A HK$10,000 (US$1,300) handout for Hongkongers who recently moved to the city will benefit about 200,000 low-income residents, though not foreign domestic workers or those admitted through special talent schemes, according to the latest government proposal.
Financial Secretary Paul Chan Mo-po last month announced a HK$10,000 handout for permanent residents, a move designed to ease economic hardship during the Covid-19 epidemic. The scheme was later extended to cover new arrivals after backlash from the community.
The Community Care Fund, a government trust fund designed to plug gaps in the social security safety net, has been tasked with administering the policy, the details of which were approved in a meeting on Friday afternoon, the Post was told.
To “better target resources to those in need”, applicants must be 18 years old or above by March 31, 2021, part of a low-income household, and have lived in Hong Kong for fewer than seven years, an insider with knowledge of the plan said.
People who arrived on one-way permits from the mainland and dependants of permanent residents will also be among those eligible for the subsidy.
However, foreign domestic workers, those in the city on working holidays, and people admitted under various special talents schemes operated by the government, such as the Quality Migrant Admission Scheme, Technology Talent Admission Scheme and the Admission Scheme for Mainland Talents and Professionals, will be excluded.
The income threshold, meanwhile, is expected to be modelled on another Community Care Fund scheme, the benefit payment to so-called “N-nothing” households, a low-income group who earn slightly too much to qualify for public housing and Comprehensive Social Security Assistance.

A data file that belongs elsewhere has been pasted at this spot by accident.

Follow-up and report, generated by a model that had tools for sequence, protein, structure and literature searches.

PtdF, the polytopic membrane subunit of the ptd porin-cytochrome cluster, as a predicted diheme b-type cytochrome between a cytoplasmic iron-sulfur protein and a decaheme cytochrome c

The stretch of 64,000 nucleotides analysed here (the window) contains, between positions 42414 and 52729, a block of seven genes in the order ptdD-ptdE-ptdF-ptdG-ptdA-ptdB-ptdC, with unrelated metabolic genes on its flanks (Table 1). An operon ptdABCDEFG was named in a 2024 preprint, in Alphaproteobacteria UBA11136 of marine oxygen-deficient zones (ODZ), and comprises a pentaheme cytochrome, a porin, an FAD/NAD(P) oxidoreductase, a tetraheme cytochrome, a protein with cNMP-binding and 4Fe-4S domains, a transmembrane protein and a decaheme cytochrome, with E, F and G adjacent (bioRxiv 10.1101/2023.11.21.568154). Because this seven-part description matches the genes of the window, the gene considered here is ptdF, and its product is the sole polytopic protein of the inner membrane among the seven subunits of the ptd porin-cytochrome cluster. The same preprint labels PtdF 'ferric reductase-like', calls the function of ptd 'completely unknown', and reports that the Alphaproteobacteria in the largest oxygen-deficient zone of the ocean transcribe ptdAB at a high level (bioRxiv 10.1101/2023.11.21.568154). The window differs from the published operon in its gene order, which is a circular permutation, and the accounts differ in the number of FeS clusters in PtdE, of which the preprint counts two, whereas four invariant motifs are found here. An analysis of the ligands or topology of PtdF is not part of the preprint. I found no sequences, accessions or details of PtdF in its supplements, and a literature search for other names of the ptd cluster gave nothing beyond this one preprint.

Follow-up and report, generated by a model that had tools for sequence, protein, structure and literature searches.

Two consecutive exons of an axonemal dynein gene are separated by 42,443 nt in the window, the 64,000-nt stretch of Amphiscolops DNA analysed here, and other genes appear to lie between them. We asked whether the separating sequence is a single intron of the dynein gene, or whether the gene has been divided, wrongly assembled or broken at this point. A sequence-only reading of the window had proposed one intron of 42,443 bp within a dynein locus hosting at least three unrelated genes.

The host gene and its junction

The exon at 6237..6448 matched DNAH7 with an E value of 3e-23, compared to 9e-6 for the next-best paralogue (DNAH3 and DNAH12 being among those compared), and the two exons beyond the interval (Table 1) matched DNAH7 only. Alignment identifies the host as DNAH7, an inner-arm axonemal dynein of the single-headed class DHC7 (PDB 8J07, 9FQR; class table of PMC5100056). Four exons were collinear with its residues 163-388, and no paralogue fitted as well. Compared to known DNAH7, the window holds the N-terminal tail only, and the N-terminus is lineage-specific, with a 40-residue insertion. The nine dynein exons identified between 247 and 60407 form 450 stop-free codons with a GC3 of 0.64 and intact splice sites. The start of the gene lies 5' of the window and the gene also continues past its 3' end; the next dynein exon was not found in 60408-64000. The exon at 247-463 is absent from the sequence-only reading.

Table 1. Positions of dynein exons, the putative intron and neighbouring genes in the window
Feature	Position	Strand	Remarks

The monthly income cap for an applicant in a one-person household is set to be HK$14,325, while the ceiling will range from HK$21,750 to HK$38,810 for two to six person households.
But Wong Chi-yuen, a campaign officer at the Society for Community Organisation, said the newly expanded handout should not be means-tested for newcomers.
“The handout is available to all permanent residents without means testing. The same arrangement should apply to new immigrants without discriminatory treatment,” he said.
He argued that doing away with the requirement would actually save public money as administrative costs would be reduced, while also allowing cash to be dispersed more rapidly to those in need during the current economic downturn.
According to Immigration Department figures, about 307,000 people have taken up residence in Hong Kong from mainland China since 2013.
The source said the government expected the scheme to benefit about 200,000 people and cost around HK$2.13 billion, some HK$100 million of which will go towards administrative expenses. The scheme will be open for applications by September at the earliest.